It took four Cactus League starts for Clayton Kershaw's ERA to rise above 0.00.
His new exhibition ERA? A gaudy 0.90.
He's struck out nine in 10 innings, held opposing batters to an .063 average and looked, for the most part, like midseason Kerhsaw. Even his curveball, which can go flat in the desert air, has been characteristically devastating.
"I've said it before, [spring training] results really don't matter," Kershaw said in his usual understated fashion, per Bill Plunkett of the Orange County Register. "But I guess it's good to see how hitters react to pitches, and if you're not giving up hits, that's a good thing."
At this point, we're running out of adjectives to describe Kershaw: dominant, transcendent, unfair, otherworldly.
How about this one? Underrated.
It sounds absurd. How can a guy whose trophy case contains three National League Cy Young Awards and an NL MVP, among other prizes, possibly be underrated?
It depends how you define the term. No one who knows a rosin bag from a hole in the ground would argue Kershaw isn't a generational talent. Last season, though, his mortality reared its head.
Kershaw missed two full calendar months with a balky back in 2016. He returned to pitch well down the stretch and enjoyed some iconic postseason moments. The Dodgers, however, were eliminated in the National League Championship Series by the Chicago Cubs.
For the fourth straight season, they ascended to the October stage but fell shy of the World Series.
It wasn't all, or even mostly, Kershaw's fault. But he surrendered 12 earned runs in 24.1 innings between the NL Division Series and NLCS and now owns a career 4.55 postseason ERA.
The aftertaste of 2016 wasn't entirely sweet and bordered on bitter. For the first time since Kershaw burst on to the scene in 2008, a decline seemed plausible.
No one expected him to plummet off a cliff. But it was possible to imagine we'd witnessed peak Kershaw in his 2014 MVP season, and that he'd merely be very good—as opposed to mind-meltingly excellent—going forward.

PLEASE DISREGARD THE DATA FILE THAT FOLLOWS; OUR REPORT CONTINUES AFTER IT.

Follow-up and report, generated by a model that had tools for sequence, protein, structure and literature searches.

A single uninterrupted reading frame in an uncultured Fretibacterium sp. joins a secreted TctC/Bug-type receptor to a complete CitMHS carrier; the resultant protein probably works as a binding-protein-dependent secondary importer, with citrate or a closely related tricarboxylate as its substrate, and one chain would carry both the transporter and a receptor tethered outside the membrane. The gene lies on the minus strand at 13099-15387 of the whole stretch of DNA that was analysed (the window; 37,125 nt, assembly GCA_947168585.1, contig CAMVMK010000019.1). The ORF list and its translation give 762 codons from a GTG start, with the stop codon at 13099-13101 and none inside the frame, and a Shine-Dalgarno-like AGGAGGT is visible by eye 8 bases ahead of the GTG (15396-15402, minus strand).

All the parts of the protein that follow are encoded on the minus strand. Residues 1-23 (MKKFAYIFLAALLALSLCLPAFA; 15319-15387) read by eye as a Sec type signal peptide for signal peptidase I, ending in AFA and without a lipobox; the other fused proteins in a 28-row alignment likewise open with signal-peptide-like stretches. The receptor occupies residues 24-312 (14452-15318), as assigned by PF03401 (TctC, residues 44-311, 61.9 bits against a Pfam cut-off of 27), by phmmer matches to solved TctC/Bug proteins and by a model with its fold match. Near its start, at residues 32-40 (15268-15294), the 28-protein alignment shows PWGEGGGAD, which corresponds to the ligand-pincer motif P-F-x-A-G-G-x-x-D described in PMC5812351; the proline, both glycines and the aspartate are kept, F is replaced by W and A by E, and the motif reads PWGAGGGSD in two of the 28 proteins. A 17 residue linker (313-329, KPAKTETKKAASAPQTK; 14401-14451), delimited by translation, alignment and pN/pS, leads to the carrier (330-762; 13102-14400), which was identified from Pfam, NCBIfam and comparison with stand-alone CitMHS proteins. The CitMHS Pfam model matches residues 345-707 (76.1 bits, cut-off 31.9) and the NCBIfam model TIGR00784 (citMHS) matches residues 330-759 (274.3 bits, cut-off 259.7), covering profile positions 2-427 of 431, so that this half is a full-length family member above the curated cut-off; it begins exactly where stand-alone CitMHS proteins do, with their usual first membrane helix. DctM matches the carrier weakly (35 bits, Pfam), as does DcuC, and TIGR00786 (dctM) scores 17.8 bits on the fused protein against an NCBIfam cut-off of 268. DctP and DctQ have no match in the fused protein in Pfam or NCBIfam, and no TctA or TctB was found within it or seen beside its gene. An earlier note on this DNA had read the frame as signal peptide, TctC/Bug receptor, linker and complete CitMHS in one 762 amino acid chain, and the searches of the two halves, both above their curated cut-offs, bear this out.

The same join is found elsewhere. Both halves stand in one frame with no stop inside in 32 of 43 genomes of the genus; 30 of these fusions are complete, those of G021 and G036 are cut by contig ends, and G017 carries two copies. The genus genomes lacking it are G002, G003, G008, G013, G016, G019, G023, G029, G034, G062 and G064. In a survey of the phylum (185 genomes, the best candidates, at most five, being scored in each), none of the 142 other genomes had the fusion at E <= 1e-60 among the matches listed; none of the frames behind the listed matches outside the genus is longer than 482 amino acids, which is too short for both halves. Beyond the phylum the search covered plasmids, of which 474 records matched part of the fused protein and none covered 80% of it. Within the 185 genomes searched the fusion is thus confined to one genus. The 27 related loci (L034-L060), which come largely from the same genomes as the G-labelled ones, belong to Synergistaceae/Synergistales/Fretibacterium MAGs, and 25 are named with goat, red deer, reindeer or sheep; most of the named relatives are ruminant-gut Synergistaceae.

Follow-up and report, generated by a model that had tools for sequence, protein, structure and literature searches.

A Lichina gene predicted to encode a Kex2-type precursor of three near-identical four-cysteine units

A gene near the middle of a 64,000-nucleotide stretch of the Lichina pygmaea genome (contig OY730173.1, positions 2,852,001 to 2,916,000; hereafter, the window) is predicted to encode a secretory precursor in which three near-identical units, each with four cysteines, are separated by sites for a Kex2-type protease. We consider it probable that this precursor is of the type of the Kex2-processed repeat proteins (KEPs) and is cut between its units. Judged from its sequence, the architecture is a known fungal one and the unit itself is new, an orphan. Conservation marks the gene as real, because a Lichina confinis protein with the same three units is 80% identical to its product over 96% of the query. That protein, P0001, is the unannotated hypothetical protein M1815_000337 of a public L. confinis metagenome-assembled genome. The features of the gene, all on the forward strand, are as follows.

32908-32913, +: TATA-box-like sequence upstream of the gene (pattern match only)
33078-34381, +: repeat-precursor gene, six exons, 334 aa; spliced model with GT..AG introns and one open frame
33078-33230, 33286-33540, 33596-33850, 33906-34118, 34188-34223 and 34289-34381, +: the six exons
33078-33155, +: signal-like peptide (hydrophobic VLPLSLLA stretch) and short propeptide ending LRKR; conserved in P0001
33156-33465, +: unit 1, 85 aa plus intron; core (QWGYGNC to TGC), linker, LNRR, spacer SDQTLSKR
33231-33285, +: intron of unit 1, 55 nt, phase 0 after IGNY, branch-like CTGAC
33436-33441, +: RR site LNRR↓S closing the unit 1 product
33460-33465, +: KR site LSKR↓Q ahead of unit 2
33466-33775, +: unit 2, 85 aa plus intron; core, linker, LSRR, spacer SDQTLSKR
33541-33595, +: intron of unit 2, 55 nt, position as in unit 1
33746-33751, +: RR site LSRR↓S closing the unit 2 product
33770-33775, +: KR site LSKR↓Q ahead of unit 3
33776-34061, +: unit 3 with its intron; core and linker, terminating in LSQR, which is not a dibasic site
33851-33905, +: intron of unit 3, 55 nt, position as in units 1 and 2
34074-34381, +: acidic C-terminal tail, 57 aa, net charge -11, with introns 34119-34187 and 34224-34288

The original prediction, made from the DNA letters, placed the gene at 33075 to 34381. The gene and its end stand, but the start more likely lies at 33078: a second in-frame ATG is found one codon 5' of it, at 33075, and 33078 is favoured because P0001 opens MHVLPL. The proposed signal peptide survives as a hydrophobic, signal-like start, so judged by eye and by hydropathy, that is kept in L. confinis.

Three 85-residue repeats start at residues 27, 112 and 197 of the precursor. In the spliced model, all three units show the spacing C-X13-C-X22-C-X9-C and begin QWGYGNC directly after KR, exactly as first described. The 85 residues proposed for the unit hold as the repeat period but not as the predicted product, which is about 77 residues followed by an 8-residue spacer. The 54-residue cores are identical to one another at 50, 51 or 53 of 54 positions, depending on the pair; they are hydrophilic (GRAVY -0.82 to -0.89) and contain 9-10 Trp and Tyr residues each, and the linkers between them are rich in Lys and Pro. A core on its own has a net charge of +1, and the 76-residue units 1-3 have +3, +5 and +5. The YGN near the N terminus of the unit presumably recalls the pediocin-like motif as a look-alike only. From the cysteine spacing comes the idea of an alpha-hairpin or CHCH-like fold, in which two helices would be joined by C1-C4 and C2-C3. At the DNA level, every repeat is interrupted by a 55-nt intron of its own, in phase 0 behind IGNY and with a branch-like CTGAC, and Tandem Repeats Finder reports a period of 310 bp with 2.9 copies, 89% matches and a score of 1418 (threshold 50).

As he prepares for his age-29 season, he looks like exactly what he is: an unmitigated stud at the apex of his prime.
As CBSSports.com's Mike Axisa noted: "The question isn't whether Kershaw is the best pitcher in baseball at the moment. The question is whether he will go down as one of the 10 best pitchers of all time."
He may also be expanding his repertoire. Kershaw's changeup has always been a rarely used fourth pitch. He threw it just 13 times last season and has never thrown it more than 117 times in a single year.
He's mixing it in this spring with promising returns, according to pitching coach Rick Honeycutt.
Take note, opposing hitters—Kershaw might have yet another way to get you out. Because he totally needed one, right?
"I think we can all say we have never seen a player like Clayton, both physically and mentally," manager Dave Roberts said, per ESPN.com's Doug Padilla. "But I think there is something to staying ahead of things."
Then again, as Beyond the Box Score's Evan J. Davis noted in February:
Kershaw might be such an extreme outlier that his stuff will never lose its bite. Kershaw is a fiercely intelligent pitcher, and one would be wise not to second-guess him. It is clear, however, that he doesn't need no stinking finesse in order to pile up strikeouts, never walk a guy, and never let batted balls hurt him. He is the special one.
The Dodgers have Japanese import Kenta Maeda, who impressed in his first MLB season in 2016. They re-signed Rich Hill, who posted a 1.83 ERA with Los Angeles after coming over in a trade deadline deal with the Oakland A's.
Young lefty Julio Urias, meanwhile, appears poised to be the next untouchable southpaw in Southern California.
On offense, sophomore shortstop Corey Seager is a legitimate MVP candidate and the lineup is well-stocked around him.
Yet it revolves around Kershaw. As he goes, so go the Dodgers. If the franchise breaks its 29-year championship drought, it'll be on the back of the world's best pitcher.
Underrate him at your peril. If his Cactus League showing is any indication, he may be getting better.
This is one instance in which a spring ERA might mean more than nothing—and could mean everything.